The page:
Forest Biopower Is Far From Carbon Neutral

New Study Debunking the Carbon Neutrality of Forest Biomass Demonstrates that Forest Biopower from Wood Pellets Will Not Deliver Climate Benefits

New Study Debunking the Carbon Neutrality of Forest Biomass Demonstrates that Forest Biopower from Wood Pellets Will Not Deliver Climate Benefits

Cutting down trees and burning them to make electricity is not a “carbon neutral” climate solution, and now that picture is even more clear. When it comes to wood pellets for electricity in power plants, upstream lifecycle emissions alone—even excluding the emissions from the power plant stack—can exceed the average emissions generated from the US electrical grid.

Biomass Study Findings

A new study by NRDC quantifies “lifecycle” emissions in each step in the wood pellet supply chain. These sources include drying the wood and processing the pellets; transporting the wood supply and finished pellets; and the foregone sequestration in the forest after logging.

The analysis further rebuts the biomass industry’s argument purporting the “carbon neutrality” of forest biomass, which boils down to this specious and dangerous claim: since forests can regenerate and sequester carbon in the process, the regrowth offsets the stack emissions from burning wood for electricity—automatically and instantaneously. Their arguments have already been roundly rejected by the Environmental Protection Agency’s own science advisors and in scores of studies demonstrating that forest biomass for electricity produces stack emissions of CO2 at levels comparable to fossil fuels, and those emissions stay in the atmosphere for decades to centuries—well beyond timeframes to address the worst impacts of climate change.

The process of generating electricity by burning wood pellets starts long before combustion in the power plant. Generating that electricity requires cutting down trees, transporting the trees, drying the wood, turning the wood into pellets, and transporting the pellets. Each of these steps takes energy and produces emissions. In addition, after a forest is cut, its capacity to sequester carbon during regrowth is diminished. This foregone sequestration represents a net addition to atmospheric CO2 as well.

All of these sources of carbon to the atmosphere have one thing in common: they are uncapturable. Because these emissions occur offsite—away from the power plant—they cannot be mitigated by capturing stack emissions through carbon capture and storage, even assuming forest regrowth occurs immediately.

Bioenergy With Carbon Capture and Storage

The new study analyzes one specific and common scenario: pellets made of wood from pine plantations in the southeastern United States fueling a bioenergy plant with carbon capture and storage (BECCS). Even when stack emissions are captured, the scenario is not carbon negative—and is not even close to carbon neutral.

Standalone biomass power plants emit approximately 923 kilograms of carbon at the stack for every megawatt-hour of electricity produced. These emissions are comparable to the stack emissions at coal-fired power plants and they can last for decades to centuries in the atmosphere. The uncaptured emissions assessed in our study total approximately 558 kilograms of carbon for every megawatt-hour of electricity produced. This means that the offsite, uncaptured emissions equal approximately 60% of the stack emissions at the site of the power plant.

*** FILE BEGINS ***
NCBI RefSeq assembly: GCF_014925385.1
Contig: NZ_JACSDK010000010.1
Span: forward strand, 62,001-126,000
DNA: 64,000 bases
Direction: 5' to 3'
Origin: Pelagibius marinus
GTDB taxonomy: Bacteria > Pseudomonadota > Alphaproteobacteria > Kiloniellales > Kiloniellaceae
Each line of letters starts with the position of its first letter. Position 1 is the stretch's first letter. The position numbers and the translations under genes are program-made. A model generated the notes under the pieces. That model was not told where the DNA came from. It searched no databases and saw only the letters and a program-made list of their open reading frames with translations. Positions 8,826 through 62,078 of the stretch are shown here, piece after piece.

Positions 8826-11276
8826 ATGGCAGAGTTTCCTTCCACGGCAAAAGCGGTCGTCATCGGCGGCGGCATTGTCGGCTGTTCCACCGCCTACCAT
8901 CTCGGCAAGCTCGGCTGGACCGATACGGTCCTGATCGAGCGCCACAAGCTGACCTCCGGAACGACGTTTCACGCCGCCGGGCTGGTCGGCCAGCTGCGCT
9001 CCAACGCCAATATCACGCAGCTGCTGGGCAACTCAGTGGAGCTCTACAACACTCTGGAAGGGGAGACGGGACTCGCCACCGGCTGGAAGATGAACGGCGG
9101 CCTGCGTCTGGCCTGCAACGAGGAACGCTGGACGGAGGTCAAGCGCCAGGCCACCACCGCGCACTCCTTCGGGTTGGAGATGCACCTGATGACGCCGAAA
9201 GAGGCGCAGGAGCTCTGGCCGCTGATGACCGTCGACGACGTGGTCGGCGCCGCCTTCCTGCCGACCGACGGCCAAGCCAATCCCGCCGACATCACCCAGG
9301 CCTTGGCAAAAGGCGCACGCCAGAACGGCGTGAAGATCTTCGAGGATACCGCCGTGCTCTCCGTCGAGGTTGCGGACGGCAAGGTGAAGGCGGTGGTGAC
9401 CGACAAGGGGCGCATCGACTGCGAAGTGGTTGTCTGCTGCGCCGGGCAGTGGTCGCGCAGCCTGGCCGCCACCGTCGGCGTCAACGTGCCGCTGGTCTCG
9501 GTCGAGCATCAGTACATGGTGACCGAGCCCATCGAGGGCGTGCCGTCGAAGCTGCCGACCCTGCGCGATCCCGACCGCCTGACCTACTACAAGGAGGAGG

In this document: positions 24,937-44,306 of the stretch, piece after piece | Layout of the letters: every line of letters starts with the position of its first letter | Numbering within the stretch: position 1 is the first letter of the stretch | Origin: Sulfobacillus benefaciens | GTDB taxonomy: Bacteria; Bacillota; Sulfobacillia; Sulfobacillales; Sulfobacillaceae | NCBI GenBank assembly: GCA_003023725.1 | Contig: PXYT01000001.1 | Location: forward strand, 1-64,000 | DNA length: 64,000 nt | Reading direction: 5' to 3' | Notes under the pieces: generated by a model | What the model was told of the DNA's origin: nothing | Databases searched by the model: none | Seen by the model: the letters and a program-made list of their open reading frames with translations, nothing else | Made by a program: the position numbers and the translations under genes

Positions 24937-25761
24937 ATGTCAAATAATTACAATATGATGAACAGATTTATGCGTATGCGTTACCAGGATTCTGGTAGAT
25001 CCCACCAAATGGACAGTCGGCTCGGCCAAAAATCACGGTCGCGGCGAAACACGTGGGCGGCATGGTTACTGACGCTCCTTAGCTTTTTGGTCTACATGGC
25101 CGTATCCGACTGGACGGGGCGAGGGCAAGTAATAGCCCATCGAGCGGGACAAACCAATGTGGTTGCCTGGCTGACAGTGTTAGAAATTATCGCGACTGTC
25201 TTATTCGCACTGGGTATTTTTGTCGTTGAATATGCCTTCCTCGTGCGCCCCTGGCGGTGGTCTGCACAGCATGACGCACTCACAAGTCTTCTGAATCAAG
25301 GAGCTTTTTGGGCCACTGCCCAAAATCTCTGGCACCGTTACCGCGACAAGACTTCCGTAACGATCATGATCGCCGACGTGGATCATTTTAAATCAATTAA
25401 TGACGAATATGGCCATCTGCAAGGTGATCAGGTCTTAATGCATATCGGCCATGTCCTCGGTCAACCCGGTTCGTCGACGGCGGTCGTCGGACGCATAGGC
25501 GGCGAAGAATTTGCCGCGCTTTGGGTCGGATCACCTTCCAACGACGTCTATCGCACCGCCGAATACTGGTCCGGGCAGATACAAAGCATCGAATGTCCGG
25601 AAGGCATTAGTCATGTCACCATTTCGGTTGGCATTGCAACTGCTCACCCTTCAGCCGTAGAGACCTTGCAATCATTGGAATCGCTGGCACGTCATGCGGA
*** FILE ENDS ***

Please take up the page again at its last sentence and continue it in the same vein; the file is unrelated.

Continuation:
For comparison, a natural gas power plant emits about 360 kg CO2 per MWh at its smokestack, and the average emission rate from the US electricity grid is 430 kg CO2 per MWh.

Federal Missteps in the Fight Against Climate Change

These numbers shed light on the highly consequential error in recent congressional efforts to direct federal agency policies to uniformly “reflect the carbon neutrality” of forest biomass through a rider to a long-running spending bill. Not all biomass fuels are created equal: different feedstocks will have different degrees of carbon impacts. For example, power generated from wood waste at a pulp mill in the northern states will have a different carbon profile than biopower from mature trees in the west.

Wood pellets from southeast plantations are a sure loser and come nowhere close to carbon neutrality. A congressional rider that continues to promote the categorical carbon neutrality of forest biomass will set back our efforts to address climate change in the short time we have to achieve true emissions reductions—precisely because the “carbon neutral” label could allow this type of feedstock to become highly subsidized as a clean energy source. This will add carbon to the atmosphere while drawing precious resources away from deployment of true clean energy technologies.

An Opportunity to Correct Our Path

Congress has the opportunity to correct its appropriations rider, which could be interpreted to mean that all forest bioenergy is carbon neutral. They should heed a dire warning in a letter from nearly 800 scientists including winners of the Nobel Prize and the US Medal of Science, and lead authors of multiple IPCC reports, who write “using wood deliberately harvested for burning will increase carbon in the atmosphere and warming for decades to centuries.” Now we know that the upstream lifecycle emissions of wood pellets for electricity make their case only stronger.